DEP: No Permit Required For Dimock Water Delivery

By By Dave Greber

March 14, 2012 Updated Mar 14, 2012 at 8:17 PM EDT

(WBNG Binghamton) The daily delivery of water from Montrose Borough to Dimock Township by a Susquehanna County man does not require a state hauling permit.

That's according to the Pennsylvania Department of Environmental Protection, which launched an investigation Wednesday into the actions of Craig Stevens.

Stevens, who lives in Silver Lake Twp., has been delivering water for several weeks to residents living along Dimock's Carter Road.

Those residents have claimed for months their water was polluted by natural gas drilling.

Although Stevens is not from Montrose, he owns and pays for water from a hydrant, which is located along Jessup Street in the borough.

At issue with the DEP was whether Stevens was delivering water to more than 25 people, which requires a state permit.

A spokeswoman from the DEP said the investigation was launched after the office received a call from "a concerned resident." She declined to provide the resident's name.

After three hours, though, the investigation was complete. It was determined Stevens, who delivers water to four or five families each week, was within his legal rights.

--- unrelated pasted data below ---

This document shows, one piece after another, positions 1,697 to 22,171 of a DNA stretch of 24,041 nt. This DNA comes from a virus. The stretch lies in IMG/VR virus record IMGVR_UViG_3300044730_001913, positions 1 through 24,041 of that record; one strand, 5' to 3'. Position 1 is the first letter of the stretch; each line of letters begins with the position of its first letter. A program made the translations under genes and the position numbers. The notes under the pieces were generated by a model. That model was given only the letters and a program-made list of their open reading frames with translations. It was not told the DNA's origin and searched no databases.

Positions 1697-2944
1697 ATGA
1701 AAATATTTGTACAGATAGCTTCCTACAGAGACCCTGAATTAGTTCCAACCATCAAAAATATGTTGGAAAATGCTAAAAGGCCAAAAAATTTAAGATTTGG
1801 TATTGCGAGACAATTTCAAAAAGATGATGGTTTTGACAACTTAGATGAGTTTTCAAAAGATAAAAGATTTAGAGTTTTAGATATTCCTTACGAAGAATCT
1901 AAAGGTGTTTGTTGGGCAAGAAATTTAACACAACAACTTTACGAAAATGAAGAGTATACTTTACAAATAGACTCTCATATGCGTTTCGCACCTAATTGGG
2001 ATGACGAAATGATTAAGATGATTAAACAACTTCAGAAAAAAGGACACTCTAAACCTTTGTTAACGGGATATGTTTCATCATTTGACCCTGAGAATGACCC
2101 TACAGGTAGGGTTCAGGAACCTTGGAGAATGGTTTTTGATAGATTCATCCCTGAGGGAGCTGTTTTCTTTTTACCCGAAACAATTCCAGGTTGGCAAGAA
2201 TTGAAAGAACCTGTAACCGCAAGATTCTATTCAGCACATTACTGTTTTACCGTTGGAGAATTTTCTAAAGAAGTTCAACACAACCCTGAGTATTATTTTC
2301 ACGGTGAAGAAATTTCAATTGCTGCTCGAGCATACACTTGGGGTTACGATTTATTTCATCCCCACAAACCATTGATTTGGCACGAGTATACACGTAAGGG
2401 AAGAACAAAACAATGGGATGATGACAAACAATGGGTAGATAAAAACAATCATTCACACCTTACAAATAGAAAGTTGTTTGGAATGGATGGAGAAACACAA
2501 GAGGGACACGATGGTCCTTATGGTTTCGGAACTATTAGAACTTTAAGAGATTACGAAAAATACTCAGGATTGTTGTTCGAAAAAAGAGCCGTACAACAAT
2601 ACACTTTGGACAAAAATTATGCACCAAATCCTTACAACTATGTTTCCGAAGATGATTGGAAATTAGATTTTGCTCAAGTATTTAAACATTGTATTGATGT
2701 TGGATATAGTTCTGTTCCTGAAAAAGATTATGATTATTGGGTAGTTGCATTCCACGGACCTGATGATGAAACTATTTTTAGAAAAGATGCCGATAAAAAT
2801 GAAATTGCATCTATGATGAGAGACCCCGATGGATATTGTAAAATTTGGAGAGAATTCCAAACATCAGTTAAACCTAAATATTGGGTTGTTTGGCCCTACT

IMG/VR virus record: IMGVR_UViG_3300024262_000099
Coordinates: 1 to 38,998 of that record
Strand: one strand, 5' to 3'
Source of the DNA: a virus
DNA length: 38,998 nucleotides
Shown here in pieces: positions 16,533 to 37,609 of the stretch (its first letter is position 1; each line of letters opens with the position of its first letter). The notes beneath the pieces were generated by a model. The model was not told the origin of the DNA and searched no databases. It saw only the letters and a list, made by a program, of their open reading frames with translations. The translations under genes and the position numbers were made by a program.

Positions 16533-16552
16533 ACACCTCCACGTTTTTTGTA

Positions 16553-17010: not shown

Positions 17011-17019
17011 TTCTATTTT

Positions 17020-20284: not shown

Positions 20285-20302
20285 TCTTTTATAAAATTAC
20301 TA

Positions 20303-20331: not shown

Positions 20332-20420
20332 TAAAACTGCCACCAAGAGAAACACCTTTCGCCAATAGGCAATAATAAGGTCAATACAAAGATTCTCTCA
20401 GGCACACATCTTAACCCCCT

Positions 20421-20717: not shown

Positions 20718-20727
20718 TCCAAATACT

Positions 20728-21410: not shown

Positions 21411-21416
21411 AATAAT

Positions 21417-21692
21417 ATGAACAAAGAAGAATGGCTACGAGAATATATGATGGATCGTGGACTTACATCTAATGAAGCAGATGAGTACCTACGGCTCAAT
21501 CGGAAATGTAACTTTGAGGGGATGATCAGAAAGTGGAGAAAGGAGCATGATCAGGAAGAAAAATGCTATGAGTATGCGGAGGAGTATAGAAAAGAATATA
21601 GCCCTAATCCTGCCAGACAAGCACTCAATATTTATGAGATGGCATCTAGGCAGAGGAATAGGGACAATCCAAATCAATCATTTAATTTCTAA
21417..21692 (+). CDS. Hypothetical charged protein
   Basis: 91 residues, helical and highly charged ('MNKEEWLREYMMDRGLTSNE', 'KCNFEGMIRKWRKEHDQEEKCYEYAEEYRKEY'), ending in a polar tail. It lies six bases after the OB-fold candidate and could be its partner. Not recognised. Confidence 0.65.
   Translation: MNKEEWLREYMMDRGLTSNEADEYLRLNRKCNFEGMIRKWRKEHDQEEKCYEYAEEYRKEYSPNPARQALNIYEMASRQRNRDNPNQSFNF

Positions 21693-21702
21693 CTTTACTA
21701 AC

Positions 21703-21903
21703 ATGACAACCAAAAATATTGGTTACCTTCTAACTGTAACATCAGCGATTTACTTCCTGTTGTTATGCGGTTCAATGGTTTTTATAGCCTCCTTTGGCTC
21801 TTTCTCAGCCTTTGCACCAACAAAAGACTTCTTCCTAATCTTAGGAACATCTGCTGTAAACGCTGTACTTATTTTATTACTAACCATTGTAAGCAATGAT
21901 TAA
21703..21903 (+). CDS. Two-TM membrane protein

"Today, we were made aware of the fact that Mr. Stevens was hauling water to residents in Dimock, and that he had been doing so for a month or so," said Colleen Connolly, of the DEP. "So we did our investigation and he did start doing it within the past few weeks. And we determined that he doesn't fall under our regulations."

Action News uncovered the tension the water deliveries caused among the Montrose Borough council.

The investigation found members of the borough council were not only concerned about the hydrant, but also resorted to name-calling and enacting regulations for its meetings that were later determined overly restrictive.

The conversation among five members of council, as well as its solicitor, Marion O'Malley, which took place Feb. 6-7, includes colorful language.

In one exchange, Councilman Sean Granahan refers to Stevens and others as "thugs" and "lake poachers."

In a Feb. 7 response to Councilwoman Julanne Skinner, Granahan writes: "I cannot speak for the rest, but I for one did not anticipate the Dimock thuggery from last night."

He said Dimock residents are "looking to pirate our water and pocket the proceeds from their royalties and settlements."

At one point, Skinner cautions Granahan on his use of language.

"Might I suggest that we not refer to fellow citizens in such a condescending manner? It will not bode well if emails should ever be subpeoenaed (sic)."

Council members have declined repeated requests for comment.

Although he's been vindicated, Stevens said late Wednesday he feels targeted; not by the DEP, but by members of the borough council and Montrose residents.

"Why are they picking on us for," Stevens asked. "were doing this for free. We're trying to help our neighbors out, don't care where they are, and all of the sudden, the focus is on us? How about the focus being on more contamination issues.

"It seems like I'm being singled out," he added. We're not talking about any of the other things in the (action News investigation), like the council's behavior or the emails. We're talking about the water delivery, so I feel like I'm being singled out."